The Lights are off – How have Government Restrictions Impacted Sheffield’s Nightclubs?

In the wake of the government’s decision to close all Nightclubs, huge obstacles have been placed in front of the Industry. Benji Holland explores the restrictions enforced, and the aid being provided to this important sector.

The rain is pouring, the wind blowing. It’s minus 1 degrees outside, but you don’t feel a thing. Arm in arm with your best friend, you trudge along the moonlit pavement, dodging deep puddles that could ruin your night. Now the distant drone that you followed has become a cacophony of chaos, filled with shouting, music and laughter. You join the back of a long, winding queue stretching down the street. Excitement and joy is everywhere.

Now, with dark lifeless streets, boarded up windows and shutters down, Sheffield’s once vibrant and dazzling nightlife is a thing of the past. The lights have gone out. The Coronavirus Effect.

On the 20th of March 2020, Prime Minister Boris Johnson ordered the closure of all nightclubs, as well as gyms, cinemas, leisure centres and theatres. The effect of this decision had huge impacts on venues all across the UK, especially Sheffield.

The previous ‘normal’ was now just a memory.

The biggest problem facing venues was the direct loss of income through the closures. A furlough scheme was immediately introduced by Chancellor of the Exchequer, Rishi Sunak.

The scheme allowed venues to get a grant from HMRC to cover 80% of the wages, who had been “furloughed” and unable to work. It also covered backdated payments from March 1st onwards.

However, the threat of liquidation to the majority of venues in Sheffield still remained very likely without any other support.

On the 5th of July, the government revealed a £1.57 billion pound support package, named ‘The Cultural Recovery Fund’ to provide grants to eligible businesses as a response to the restrictions caused by COVID-19. The Fund supports what are known as ‘Cultural Organisations’ These are businesses that work for the preservation or promotion of culture. Examples include places like; Art Galleries, Music Venues, Theatres and Museums. Firms that apply for a grant are sorted into one of nine categories that include Dance, Literature, Museums and Visual Arts. Music Venues come under the category of ‘Music’.

Two windows were decided for businesses to apply within. The first batch of applications could be submitted between the 10th and the 21st of August. The second batch window was between the 21st of August and 4th of September.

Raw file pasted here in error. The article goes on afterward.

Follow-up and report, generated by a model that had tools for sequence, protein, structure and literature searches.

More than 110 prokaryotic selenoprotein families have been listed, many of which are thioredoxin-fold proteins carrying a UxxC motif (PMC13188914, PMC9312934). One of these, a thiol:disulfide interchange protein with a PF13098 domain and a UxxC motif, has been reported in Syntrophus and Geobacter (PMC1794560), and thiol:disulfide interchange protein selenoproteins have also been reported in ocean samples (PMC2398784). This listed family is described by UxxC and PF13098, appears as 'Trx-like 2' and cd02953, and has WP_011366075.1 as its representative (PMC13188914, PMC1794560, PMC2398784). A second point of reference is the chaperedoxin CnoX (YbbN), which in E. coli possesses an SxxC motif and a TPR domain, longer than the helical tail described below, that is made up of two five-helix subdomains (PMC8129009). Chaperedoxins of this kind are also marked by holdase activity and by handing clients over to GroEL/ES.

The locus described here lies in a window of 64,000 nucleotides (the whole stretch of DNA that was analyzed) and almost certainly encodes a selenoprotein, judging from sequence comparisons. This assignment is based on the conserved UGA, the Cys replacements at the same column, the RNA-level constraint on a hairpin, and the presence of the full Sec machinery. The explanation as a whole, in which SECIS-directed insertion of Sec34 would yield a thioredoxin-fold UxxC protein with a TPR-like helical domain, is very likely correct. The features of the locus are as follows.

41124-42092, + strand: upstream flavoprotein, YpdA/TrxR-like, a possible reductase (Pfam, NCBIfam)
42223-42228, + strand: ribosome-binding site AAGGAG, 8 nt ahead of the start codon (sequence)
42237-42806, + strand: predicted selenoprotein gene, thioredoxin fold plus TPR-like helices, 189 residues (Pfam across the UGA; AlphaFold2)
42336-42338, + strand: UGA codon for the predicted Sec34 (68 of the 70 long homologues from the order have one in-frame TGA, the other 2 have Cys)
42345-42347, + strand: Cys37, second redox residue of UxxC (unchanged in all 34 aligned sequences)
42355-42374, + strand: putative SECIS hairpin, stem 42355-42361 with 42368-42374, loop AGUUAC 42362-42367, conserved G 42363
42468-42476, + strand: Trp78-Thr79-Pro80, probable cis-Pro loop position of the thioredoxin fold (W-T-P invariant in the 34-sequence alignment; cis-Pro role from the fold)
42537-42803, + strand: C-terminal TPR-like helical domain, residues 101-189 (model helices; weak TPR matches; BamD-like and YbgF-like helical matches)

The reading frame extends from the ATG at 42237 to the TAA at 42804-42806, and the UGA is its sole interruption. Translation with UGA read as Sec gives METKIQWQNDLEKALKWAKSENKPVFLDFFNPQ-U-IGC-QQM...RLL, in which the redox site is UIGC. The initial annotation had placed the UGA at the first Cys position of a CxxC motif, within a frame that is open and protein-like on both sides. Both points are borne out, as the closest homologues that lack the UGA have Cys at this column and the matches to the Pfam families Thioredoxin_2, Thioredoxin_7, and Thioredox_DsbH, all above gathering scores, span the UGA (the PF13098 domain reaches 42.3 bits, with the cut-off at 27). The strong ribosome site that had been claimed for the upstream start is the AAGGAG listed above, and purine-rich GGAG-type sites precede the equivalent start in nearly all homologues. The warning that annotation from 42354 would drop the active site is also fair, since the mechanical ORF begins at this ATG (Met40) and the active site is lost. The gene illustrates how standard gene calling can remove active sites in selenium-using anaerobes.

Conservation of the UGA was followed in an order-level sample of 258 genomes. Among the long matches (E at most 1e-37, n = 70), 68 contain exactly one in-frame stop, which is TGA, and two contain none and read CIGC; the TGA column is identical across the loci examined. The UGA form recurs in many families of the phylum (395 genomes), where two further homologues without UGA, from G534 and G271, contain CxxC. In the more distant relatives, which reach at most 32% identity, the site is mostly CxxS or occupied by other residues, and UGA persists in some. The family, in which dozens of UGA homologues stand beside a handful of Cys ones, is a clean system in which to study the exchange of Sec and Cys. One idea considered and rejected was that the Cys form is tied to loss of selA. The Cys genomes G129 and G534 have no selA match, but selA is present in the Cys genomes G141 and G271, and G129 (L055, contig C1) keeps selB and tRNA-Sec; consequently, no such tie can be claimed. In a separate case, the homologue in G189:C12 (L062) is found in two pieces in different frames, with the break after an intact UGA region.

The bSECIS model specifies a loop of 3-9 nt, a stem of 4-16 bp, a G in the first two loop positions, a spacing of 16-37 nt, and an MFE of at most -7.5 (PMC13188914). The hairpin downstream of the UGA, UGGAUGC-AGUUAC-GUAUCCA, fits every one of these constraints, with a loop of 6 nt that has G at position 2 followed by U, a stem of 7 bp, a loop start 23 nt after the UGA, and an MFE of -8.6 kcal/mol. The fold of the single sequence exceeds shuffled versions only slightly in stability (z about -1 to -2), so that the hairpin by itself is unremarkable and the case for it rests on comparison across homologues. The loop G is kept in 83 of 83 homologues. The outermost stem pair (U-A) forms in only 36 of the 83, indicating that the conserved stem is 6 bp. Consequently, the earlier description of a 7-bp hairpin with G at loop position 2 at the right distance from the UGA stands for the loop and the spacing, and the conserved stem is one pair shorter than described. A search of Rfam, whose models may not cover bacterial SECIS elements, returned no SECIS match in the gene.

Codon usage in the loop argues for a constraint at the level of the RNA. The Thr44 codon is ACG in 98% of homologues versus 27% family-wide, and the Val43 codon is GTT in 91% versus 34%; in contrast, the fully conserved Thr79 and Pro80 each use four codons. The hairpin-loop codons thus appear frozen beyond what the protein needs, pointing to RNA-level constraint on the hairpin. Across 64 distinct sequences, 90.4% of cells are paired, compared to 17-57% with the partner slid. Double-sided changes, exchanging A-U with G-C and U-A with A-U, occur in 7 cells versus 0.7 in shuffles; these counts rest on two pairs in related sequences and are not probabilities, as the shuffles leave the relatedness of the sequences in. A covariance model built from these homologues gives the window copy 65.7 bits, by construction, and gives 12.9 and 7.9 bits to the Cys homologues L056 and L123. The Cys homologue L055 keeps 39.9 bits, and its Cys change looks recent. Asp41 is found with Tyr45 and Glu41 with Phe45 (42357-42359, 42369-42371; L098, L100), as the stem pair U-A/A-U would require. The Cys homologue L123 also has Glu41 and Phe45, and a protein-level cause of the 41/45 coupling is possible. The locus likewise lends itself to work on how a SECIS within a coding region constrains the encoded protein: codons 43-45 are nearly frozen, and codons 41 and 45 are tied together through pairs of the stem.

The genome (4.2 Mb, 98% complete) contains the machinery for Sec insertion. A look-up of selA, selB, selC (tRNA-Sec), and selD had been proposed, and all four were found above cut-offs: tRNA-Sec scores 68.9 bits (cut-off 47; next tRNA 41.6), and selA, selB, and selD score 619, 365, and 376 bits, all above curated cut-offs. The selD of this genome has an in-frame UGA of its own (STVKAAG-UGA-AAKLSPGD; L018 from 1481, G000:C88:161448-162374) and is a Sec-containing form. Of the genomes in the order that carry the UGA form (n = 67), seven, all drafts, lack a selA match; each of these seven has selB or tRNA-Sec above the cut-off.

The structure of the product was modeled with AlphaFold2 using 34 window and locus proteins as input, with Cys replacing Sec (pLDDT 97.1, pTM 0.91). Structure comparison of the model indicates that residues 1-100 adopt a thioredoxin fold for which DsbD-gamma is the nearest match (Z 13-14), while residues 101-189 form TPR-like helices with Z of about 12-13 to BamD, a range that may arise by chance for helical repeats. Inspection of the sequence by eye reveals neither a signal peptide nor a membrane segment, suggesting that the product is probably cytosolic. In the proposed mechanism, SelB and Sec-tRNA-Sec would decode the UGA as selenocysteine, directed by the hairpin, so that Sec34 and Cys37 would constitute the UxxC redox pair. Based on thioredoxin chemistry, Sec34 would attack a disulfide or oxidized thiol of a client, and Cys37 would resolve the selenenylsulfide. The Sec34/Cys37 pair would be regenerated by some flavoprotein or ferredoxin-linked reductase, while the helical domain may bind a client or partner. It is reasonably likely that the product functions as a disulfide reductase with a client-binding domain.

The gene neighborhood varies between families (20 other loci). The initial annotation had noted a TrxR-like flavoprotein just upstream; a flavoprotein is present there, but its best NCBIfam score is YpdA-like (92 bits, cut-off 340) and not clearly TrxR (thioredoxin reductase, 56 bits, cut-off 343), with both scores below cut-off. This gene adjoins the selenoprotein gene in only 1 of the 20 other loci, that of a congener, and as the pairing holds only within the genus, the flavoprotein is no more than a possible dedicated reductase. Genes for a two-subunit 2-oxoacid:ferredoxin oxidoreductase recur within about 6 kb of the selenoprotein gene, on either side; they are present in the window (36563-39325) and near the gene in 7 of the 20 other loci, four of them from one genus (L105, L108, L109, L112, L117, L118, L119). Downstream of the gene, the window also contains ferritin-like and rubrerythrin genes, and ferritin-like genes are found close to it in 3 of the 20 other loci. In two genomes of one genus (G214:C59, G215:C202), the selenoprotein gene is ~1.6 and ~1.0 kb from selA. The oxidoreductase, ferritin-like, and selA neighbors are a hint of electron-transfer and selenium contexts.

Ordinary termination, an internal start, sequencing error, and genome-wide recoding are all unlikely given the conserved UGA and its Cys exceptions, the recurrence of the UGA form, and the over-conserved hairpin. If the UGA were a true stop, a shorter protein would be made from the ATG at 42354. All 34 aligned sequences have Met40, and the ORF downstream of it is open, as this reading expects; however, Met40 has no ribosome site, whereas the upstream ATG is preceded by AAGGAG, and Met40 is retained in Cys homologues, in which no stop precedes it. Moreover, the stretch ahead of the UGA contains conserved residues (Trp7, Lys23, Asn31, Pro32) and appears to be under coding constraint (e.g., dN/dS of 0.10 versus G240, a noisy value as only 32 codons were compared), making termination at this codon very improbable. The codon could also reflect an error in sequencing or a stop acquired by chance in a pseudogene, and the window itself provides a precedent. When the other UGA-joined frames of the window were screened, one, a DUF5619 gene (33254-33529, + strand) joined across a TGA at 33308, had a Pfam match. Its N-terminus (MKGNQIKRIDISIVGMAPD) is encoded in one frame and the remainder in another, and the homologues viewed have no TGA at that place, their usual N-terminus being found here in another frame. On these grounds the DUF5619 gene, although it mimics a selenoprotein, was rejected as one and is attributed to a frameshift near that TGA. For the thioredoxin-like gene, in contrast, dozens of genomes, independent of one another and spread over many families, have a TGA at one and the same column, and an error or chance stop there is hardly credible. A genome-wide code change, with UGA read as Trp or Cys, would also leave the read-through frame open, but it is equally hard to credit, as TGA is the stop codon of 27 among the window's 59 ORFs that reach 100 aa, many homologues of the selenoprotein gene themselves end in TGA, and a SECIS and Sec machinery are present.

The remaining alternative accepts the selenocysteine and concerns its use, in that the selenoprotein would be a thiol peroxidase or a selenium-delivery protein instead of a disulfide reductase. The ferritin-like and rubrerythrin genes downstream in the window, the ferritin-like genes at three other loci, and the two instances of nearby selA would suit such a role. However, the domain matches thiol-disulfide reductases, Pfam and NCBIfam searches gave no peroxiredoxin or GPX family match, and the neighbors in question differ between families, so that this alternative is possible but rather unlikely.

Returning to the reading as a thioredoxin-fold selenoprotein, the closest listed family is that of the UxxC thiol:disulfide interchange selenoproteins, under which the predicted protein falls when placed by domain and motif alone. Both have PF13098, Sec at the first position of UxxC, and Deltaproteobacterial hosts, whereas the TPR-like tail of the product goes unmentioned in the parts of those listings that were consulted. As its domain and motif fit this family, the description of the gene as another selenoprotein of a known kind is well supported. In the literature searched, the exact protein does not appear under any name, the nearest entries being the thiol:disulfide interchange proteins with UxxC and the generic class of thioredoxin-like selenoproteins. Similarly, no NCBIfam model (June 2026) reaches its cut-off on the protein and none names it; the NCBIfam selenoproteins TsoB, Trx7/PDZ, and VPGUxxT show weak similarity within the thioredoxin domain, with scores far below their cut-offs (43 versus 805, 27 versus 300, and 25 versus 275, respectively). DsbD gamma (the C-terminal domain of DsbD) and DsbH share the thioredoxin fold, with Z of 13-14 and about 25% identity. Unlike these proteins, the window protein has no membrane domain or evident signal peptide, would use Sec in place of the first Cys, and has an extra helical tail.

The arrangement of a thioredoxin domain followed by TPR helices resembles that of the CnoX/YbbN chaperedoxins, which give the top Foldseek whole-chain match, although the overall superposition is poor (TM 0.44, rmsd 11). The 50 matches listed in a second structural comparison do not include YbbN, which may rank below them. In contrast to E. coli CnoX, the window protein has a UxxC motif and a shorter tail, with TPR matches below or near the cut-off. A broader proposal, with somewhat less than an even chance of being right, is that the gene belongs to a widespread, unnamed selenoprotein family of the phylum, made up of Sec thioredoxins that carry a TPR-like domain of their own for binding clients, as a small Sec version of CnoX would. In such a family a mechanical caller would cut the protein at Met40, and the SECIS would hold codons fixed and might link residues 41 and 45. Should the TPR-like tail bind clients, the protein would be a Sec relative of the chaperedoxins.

From those two windows, a total of £88,171,887 was given to 542 Music Venues across the country. Yorkshire and the Humber received a total of £5,784,943, split between 50 venues. This was 6.56%

Corporation, on Milton Street, received a massive £398,400, allowing the firm to pay it’s fixed costs whilst its doors are closed for the foreseeable future.

The Leadmill also received a £241,571 grant from the scheme, which Liam Walton, Lead Promoter described as “A significant amount of money, and a massive boost for us.”

Aside from government help, donations have been pouring in to save some of the city’s more iconic venues. The Leadmill is one of Sheffield’s most Iconic Venues. With a rich 40 year history, it has hosted hundreds of famous bands and artists from across the world, such as Oasis, The White Stripes, The Kings of Leon and The Stereophonics. During The Height of the Pandemic in August, a very famous fan of the venue reached out, to prevent any harm coming to a place close to his heart. Alex Turner, frontman of the Sheffield Rock Band, Arctic Monkeys, donated his fender guitar to be raffled, in a prize draw. The raffle ended up raising over £125,000 pounds for The Leadmill.

Alex Turner’s Guitar Raffle on Crowd Funder. Credit:

In addition to this, local fans of the Leadmill have come together to give what they can, to prevent the loss of this landmark of a venue from the city. This has been achieved through the sale of Leadmill branded merchandise, as well as through live streams in which viewers can donate to the cause.